Nebraska state law (see Nebraska Revised Statutes § 79-2,136) provides for another option, though: part-time homeschool. Part-time homeschool allows you to create a hybrid program for your children, taking advantage of the public school programs you like and supplementing with outside programs. This gives parents the flexibility to tailor their kids’ educations to help them be more successful.
With part-time homeschool you can decide which programs at the public schools meet your kids’ needs, and you can find other resources to fill in the gaps. Some parents send their kids to public school for core classes and take care of electives at home. Others only send their kids for electives. Some parents send kids for math and science (lab science can be tricky at home) and take care of English and social studies at home. Lately we’ve been hearing about parents forming groups to teach several kids at once, stretching parents’ time and giving the kids a chance to learn in a more social setting. Online courses are another great way to find the course content you’re looking for. There are thousands of online courses from a variety of sources. Additionally, part-time homeschool students can play high school sports, as long as they’re taking 4 courses each semester at a public school.
So how do you get started?
1. Fill out the Nebraska Department of Education Exempt School paperwork and mail it or email it to P.O. Box 94987, Lincoln, NE 68509-4987 or email@example.com. Some of this paperwork must be notarized, and the due date is July 15th.
2. After you’ve received your state approval letter, fill out the Application of Non-Public School Student for Part-Time Enrollment for LPS and mail it to Director of Student Services, 5905 O Street, Lincoln, NE 68510. This is the form that you will use to tell the school district which courses you would like to enroll your child in.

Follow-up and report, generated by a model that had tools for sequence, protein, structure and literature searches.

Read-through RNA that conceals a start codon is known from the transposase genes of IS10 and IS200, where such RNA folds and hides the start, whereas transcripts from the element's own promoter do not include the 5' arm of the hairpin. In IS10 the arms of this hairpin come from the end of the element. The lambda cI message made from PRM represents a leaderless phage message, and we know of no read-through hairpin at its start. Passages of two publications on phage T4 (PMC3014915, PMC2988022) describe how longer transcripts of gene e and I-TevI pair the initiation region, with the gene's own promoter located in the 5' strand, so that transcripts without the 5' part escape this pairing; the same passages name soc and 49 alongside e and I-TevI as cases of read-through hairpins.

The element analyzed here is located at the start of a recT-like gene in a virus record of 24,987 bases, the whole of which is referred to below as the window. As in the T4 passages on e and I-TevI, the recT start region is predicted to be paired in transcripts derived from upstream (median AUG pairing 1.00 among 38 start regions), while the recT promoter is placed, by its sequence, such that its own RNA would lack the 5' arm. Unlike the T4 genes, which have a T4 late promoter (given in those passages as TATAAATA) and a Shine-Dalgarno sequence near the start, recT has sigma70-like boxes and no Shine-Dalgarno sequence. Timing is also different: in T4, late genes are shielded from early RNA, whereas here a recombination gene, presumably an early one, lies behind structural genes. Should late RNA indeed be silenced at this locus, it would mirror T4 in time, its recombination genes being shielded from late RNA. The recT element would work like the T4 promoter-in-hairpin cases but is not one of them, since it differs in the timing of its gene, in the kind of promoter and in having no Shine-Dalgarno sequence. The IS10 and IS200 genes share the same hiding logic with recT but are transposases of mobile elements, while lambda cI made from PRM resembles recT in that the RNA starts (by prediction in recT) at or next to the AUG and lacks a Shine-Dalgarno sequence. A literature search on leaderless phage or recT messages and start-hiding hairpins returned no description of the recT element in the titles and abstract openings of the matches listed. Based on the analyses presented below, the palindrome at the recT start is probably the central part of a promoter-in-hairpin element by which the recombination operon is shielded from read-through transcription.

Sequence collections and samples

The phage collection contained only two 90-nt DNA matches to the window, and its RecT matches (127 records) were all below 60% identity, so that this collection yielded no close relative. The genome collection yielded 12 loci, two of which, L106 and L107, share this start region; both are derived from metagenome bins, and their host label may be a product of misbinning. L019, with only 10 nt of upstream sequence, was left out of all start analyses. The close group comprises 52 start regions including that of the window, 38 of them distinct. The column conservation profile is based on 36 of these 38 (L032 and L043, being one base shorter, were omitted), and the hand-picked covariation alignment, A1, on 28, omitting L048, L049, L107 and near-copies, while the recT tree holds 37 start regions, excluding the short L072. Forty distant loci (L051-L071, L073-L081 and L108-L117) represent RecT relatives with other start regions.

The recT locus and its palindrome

3. After you have received your acknowledgement letter from LPS, contact your child’s school counselor to discuss the school schedule. You’ll probably want to group your child’s classes all at the beginning or ending of the day. Everyone we’ve talked to who has had children enrolled part-time in LPS has talked about how cooperative and helpful the schools have been in accommodating part-time schedules.
The process is fairly straightforward and simple. As you’re waiting for your forms and approval letters to find their ways through administrative offices and the postal service, you can research your options, and this is the really exciting part.
The Internet and improved publishing technology has put a whole world of educational resources at our fingertips. The following is a short list of some of the resources you may want to investigate as you put together your children’s customized curriculum. Please add resources we’ve missed in the comments section of this blog post.
Lincoln and Nebraska Homeschool Organizations
Heartland Home Schoolers
Home Educators Network
Lincoln Friday Classes
Khan Academy (free)
BYU Independent Study
Stanford University Online High School
MIT Open Courseware (free)
Time 4 Writing
Middlebury Interactive Languages
Ron Paul Curriculum
Free Online Resources
Academic Skill Builders
FreeRice Math Practice
SumDog (Math Games)
National Library of Virtual Manipulatives
Young Minds (Handwriting Lessons)
Easy Bib (Bibliographies)
Purdue OWL (Online Writing Lab)
Scratch (Computer Programming)
P2PU (Peer 2 Peer University)
Glencoe Literature Library
Summer Reading for Curious Parents
Homeschooling Gifted and Advanced Learners (at our library)
The Well-Trained Mind: A Guide to Classical Education at Home (at our library)
Homeschooling the Child with Autism
102 Top Picks for Homeschool Curriculum
Rethinking Education in the Age of Technology
Raising Lifelong Learners (at our library)
“Home Schooling Goes Mainstream”
Homeschool Buyers Co-op
As you can see, there is no shortage of homeschooling resources out there, and Lincoln is a famously supportive community for homeschoolers. Those who have part-time homeschooled talk about how they get the best of both worlds.
Soon, Nebraska will have bona fide choice within the public school system (as soon as our state legislators realize that we don’t want to be the last state in the country without public school choice). In the meantime, we can work within the system to create viable solutions when a one-size-fits-all approach just doesn’t cut it.
Remember, though, if you want to part-time homeschool this year, you’ve got to hurry and get your initial paperwork in by July 15th. The clock is ticking.